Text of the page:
Kory Anderson was about 10 years old when he first saw the only remaining boiler for a 150 Case, which was the world’s largest steam tractor in 1905.
He learned that the “Road Locomotive” as it was called no longer existed. The boiler was the closest he could get to the real thing, as all nine of the machines built had long ago been scrapped.
Seeing the boiler inspired him to want to bring the beast of a tractor back to life.
“As a boy, I just hoped my dad or one of my friends or somebody would build it,” he says. “And then as I got older, I realized it was going to have to be me.”
So in 2017, he and dozens of volunteers set out on a mission to build a replica from scratch of the largest steam tractor ever built. Sixteen months and 15,000 hours of work later, the dream became a reality.
And like the 150 Case it is modeled after, Anderson’s 150 is the largest steam tractor in the world – made official by Guinness World Records. (To see the 150 in action, check out the videos at the end of this story.)
Buying a Foundry Along the Way
Building the world’s largest steam tractor is not your typical daydream for a boy – especially not one growing up in the late-20th and early 21st centuries. But Anderson’s childhood was a little different.
His parents, Kevin and Donna Anderson, were steam engine hobbyists and historians. He learned at a young age how to operate and work on the old tractors. He restored a 1915 65 Case steam tractor at age 16. He also made it known to all of the family’s friends and co-hobbyists of his desire to one day see a 150 Case.
At 22 years old, he made a trip to the Case archives in Racine, Wisconsin. As luck would have it, the company still had about 90% of the drawings and blueprints for the 150, which was designed more than 100 years ago.
In its day, the 150 was about three times larger than other steam tractors. The J.I. Case Company built nine of the Road Locomotives between 1905 and 1907. They were designed to fill in gaps on the railroad by hauling heavy freight over road. A copper mine in New Mexico was the first customer.
There wasn’t much of a market for the 150. But its design was later used for a smaller steam tractor for plowing that became a big seller, the 110 Case.
The remaining 150s returned to Racine. Some were stripped down for the engines to be sold for use at sawmills or generating electricity. After Case was bought by Tenneco in 1972, all the remains of the 150s had been scrapped. The boiler Anderson saw when he was a child was all that was left.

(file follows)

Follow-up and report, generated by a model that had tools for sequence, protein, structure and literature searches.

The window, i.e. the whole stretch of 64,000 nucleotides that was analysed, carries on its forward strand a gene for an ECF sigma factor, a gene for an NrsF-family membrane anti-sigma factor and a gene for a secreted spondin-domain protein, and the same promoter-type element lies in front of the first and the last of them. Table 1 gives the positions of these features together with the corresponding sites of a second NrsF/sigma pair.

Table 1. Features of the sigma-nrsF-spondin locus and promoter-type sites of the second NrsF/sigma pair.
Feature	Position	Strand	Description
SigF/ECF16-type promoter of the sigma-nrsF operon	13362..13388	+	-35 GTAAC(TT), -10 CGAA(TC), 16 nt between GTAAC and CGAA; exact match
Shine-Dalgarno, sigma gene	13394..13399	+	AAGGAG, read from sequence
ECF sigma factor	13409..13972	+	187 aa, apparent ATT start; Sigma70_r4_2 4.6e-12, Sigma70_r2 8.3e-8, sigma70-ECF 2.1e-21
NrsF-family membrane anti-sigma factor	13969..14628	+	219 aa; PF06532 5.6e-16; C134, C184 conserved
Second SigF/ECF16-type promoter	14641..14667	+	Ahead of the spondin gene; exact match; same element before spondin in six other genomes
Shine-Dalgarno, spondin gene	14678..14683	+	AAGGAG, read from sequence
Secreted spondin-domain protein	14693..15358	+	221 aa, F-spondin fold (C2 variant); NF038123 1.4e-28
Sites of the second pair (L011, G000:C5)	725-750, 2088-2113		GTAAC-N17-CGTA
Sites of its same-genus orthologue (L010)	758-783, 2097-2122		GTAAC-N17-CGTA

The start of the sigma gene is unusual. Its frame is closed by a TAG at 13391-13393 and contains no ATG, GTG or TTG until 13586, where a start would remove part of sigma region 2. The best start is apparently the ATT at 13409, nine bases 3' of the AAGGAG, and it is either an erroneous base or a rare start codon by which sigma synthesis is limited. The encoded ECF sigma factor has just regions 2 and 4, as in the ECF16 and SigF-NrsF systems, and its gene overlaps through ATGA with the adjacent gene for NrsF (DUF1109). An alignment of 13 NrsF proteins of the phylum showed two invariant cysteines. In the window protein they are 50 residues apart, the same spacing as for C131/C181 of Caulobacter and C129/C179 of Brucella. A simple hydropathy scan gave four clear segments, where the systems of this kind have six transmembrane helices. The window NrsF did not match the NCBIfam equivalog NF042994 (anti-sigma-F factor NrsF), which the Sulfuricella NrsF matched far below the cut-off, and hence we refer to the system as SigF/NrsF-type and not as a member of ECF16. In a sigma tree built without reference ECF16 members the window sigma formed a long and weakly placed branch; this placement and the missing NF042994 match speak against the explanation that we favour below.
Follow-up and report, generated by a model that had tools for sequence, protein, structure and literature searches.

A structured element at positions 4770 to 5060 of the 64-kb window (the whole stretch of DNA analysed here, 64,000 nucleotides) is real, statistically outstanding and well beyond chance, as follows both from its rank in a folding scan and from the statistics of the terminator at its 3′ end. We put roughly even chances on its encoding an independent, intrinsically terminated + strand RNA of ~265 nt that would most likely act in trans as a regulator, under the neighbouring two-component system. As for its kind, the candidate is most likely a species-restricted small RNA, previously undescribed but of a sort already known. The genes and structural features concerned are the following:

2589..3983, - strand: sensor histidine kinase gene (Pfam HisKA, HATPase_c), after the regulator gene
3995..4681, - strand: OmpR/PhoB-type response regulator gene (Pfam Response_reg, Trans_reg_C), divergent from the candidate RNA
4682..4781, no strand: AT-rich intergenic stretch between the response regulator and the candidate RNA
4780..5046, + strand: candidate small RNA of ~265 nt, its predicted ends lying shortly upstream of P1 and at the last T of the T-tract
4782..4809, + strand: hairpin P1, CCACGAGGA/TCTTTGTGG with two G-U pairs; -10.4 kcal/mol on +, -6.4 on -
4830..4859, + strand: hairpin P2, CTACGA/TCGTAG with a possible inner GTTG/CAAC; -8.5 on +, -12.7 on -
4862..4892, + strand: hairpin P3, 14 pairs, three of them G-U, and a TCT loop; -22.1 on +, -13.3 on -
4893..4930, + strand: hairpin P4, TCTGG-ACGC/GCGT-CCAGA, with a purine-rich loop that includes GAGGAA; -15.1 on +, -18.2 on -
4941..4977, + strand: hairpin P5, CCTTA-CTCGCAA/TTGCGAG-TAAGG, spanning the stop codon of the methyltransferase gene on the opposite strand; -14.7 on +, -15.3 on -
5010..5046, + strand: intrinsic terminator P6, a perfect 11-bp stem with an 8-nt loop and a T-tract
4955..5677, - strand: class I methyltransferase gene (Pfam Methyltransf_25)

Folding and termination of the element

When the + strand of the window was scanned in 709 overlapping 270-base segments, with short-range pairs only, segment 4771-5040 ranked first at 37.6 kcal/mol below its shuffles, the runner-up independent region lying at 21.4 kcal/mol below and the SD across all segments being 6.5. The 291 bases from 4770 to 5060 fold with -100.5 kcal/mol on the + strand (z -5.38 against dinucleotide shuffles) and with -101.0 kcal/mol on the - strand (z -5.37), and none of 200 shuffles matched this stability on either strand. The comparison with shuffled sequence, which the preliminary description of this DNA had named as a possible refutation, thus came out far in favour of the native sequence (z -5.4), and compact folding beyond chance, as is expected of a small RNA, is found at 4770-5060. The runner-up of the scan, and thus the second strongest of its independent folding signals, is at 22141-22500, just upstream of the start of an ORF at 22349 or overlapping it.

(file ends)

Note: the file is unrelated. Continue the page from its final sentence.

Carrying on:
Anderson began making 3D computer-aided design (CAD) models from the drawings he had copied at Case headquarters and then advanced to making wood patterns. Meanwhile, he had started a welding, fabrication, machining and engineering company, Anderson Industries, and would cast parts for the tractor in his spare time. His successful business also helped fund his project, which ended up costing about $1.5 million.
Then in 2014, the Dakota Foundry in Webster, South Dakota, where he had been a customer for eight years for parts casting announced it was being sold to a company in Taiwan. Along with no longer having a place to cast the 150’s parts, a lot of his friends would be out of work.
“I had to buy a foundry along the way to be able to do all the casting,” Anderson says. “I also wanted to see the business saved and not shut down.”
A Sense of Urgency
As 2017 rolled around, Anderson knew he needed to move quickly if he was going to build a 150 Case. His mentors in the steam world were getting older.
“I realized that I wouldn't have any of my knowledge and I wouldn't have this dream if it wasn't for the mentors who shared the stories and taught me everything that I knew,” he says. “So it really became a drive of mine to get it started and get it finished as fast as I could just so that they could appreciate it and enjoy it before they passed on.”
So he and friend Gary Bradley began building the engine. Anderson would make the 8-hour drive each weekend from South Dakota to Bradley’s shop in Sheridan, Wyoming, where they had all the tools and equipment they needed and were free from the interruptions of day-to-day business at the foundry.
Work on other parts of the tractor was occurring elsewhere simultaneously by volunteers under Anderson’s coordination.
The wheels, extension rims and drawbar were being built and riveted together at friend Jim Briden’s shop in Fargo, North Dakota.
Trevor Guenter and a team worked on fabricating and riveting together the water tank and coal bunkers in Manitoba, Canada.
More than 10,000 followers on Facebook monitored the progress as the team rushed to meet a deadline of September 8, 2018, when the tractor would make its debut at the James Valley Threshing Show in Andover, South Dakota.
“A Whole Different Monster”
Anderson was nervous when it came time to fire up the engine for the first time, about three weeks before the 150’s big public debut.